People who cannot afford lawyers (or in some cases paralegals) are at risk of not having their rights vindicated. Or they may not even try to assert their rights in the first place. A great number of ad hoc arrangements have been created to respond to this failure to provide access to justice, but the most systematic is the legal aid system. (I mentioned some of the other arrangements in a previous Slaw post and there are others.) Legal aid is not perfect — even with increased funding that has allowed it to offer legal aid to more people, it can still offer assistance only to people in the lowest income ranges and it does not offer assistance in all areas of law — but it is a crucial source of assistance for people who cannot afford lawyers. Ontario government intentions to cut back the increases to legal aid is a step back in access to justice and is likely to have practical ramifications for the broader system.
Currently the maximum someone’s income can be and still be eligible for legal aid is $17,731 (or $22,720 for domestic abuse cases), rising to just over $48,000 for a family of five (just over $50,800 for domestic abuse cases). Legal aid provides help in criminal law, mental health and Indigenous issues and community clinics provide service in an extensive range of areas: tenant rights, Ontario Works and Welfare, Ontario Disability Support Program, government pensions, immigration, employment insurance, workplace safety and insurance, Workers’ Compensation, employment rights, criminal injuries compensation and human rights. Legal Aid provides help in different forms (such as a toll-free telephone line) and may be provided differently in different parts of the province (see, for example, assistance with tenant law). Legal aid in Ontario runs family law centres that provide specific and limited services.
The 2019 Ontario budget refers briefly to “[s]treamlining the delivery of legal aid to promote long‐term sustainability to generate savings
of over $164 million annually, starting in 2021–22”, but fails to provide other details. This amounts to about 30% of this year’s legal aid budget of an expected $456 million. In particular, as the Globe and Mail reports, the Ontario government has told Legal Aid that it cannot use provincial funding for immigration and refugee services, part of changes the Ontario government is making to ensure that the federal government takes full responsibility for this area.
There have been various efforts to improve the situation for self-represented litigants in family law, such as Ontario’s Family Law Limited Scope Services Project, designed to promote partial services that provide litigants with help with some aspects of their case. More broadly, there is a greater push for unbundled services in other areas of law, as well, by the Law Society of Ontario, for example. The Canadian Judicial Council’s Statement of Principles on Self-represented Litigants and Accused Persons and Supreme Court of Canada’s decision to endorse them have placed a significant onus on judges to assist self-represented litigants. The National Self-Represented Litigants Project (NSRLP) offers a wide variety of resources to assist self-represented litigants and courts have posted information to help them navigate the court process (see, for example, the Ontario Court of Justice’s “How do I?” webpage.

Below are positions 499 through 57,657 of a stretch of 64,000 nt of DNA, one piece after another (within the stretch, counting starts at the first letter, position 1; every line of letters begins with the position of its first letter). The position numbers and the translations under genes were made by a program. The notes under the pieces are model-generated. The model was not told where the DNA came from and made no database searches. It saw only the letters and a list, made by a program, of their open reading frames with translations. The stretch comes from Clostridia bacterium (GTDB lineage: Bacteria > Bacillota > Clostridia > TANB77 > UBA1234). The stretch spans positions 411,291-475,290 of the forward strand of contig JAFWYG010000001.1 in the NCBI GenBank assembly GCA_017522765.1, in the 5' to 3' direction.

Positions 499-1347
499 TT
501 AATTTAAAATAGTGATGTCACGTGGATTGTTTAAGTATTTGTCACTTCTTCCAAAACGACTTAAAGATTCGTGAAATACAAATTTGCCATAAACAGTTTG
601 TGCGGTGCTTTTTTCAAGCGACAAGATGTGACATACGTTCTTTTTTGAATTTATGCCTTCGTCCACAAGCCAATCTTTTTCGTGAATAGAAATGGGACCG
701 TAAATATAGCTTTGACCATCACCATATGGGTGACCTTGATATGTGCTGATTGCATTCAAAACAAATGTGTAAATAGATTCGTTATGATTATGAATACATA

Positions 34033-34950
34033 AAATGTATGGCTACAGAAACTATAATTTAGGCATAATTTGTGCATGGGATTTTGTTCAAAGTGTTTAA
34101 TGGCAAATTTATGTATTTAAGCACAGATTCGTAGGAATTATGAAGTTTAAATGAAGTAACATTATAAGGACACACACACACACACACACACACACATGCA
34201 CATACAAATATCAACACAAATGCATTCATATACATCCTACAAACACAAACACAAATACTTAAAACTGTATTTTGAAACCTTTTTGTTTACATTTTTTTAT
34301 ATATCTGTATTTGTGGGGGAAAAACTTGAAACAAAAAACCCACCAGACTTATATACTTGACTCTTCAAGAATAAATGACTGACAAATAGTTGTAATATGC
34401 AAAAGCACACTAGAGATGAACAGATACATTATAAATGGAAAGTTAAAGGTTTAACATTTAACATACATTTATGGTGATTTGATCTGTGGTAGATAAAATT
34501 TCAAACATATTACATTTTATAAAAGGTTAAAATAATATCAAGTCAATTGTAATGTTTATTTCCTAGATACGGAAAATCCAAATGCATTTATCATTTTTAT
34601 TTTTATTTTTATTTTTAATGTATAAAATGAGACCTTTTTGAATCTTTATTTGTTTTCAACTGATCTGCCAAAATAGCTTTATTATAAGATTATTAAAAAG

The point is that regardless of these various ways in which potential litigants who cannot afford a lawyer are able to obtain some form of legal assistance, they remain at a significant disadvantage. Regardless of the ethical issues arising from this lack of access to justice, there are practical ramifications. Not only are these litigants at a disadvantage in court, despite coaching, duty counsel, judges trying to balance their obligation to be impartial with their obligation to assist unrepresented litigants, information posted on court websites about what to expect, and even more, because they cannot respond adequately to the unexpected, they do not know the law, they cannot read the language of law, they may be disadvantaged in other ways. For refugees, lack of legal assistance may mean they are deported and returned to ill treatment or death in their home country. However, the consequences for others may also be dire and difficult to change. Just one example: failure to succeed in an employment dispute may mean loss of housing; that may lead to loss of custody when the stress breaks up a family.
And there is also fallout for other parts of the system. When people experience stress from a failure to address their legal problems, for example, they make greater use of the health care system, thus increasing the cost to health care. Savings in public provision of legal representation is likely to show up in increased costs to other parts of the system. Thus one report prepared for the Canadian Forum for Civil Justice explains, “Over a three-year period the additional cost to the healthcare system as a direct consequence of people experiencing everyday legal problems is an estimated $304,274,643, based on a cost of $58.15 per visit.”
The government has not yet provided details about how the cuts to legal aid will actually affect the delivery of legal aid, except to deny the provision of services to immigrants and refugees. However, resiling from the provision of legal services for those who otherwise will have to navigate a maze of information and guidance, assuming they find it, will not only diminish an already imperfect and unequal system of access to justice, it will also add to the cost of other social services when fewer people are able to obtain help in resolving their legal problems.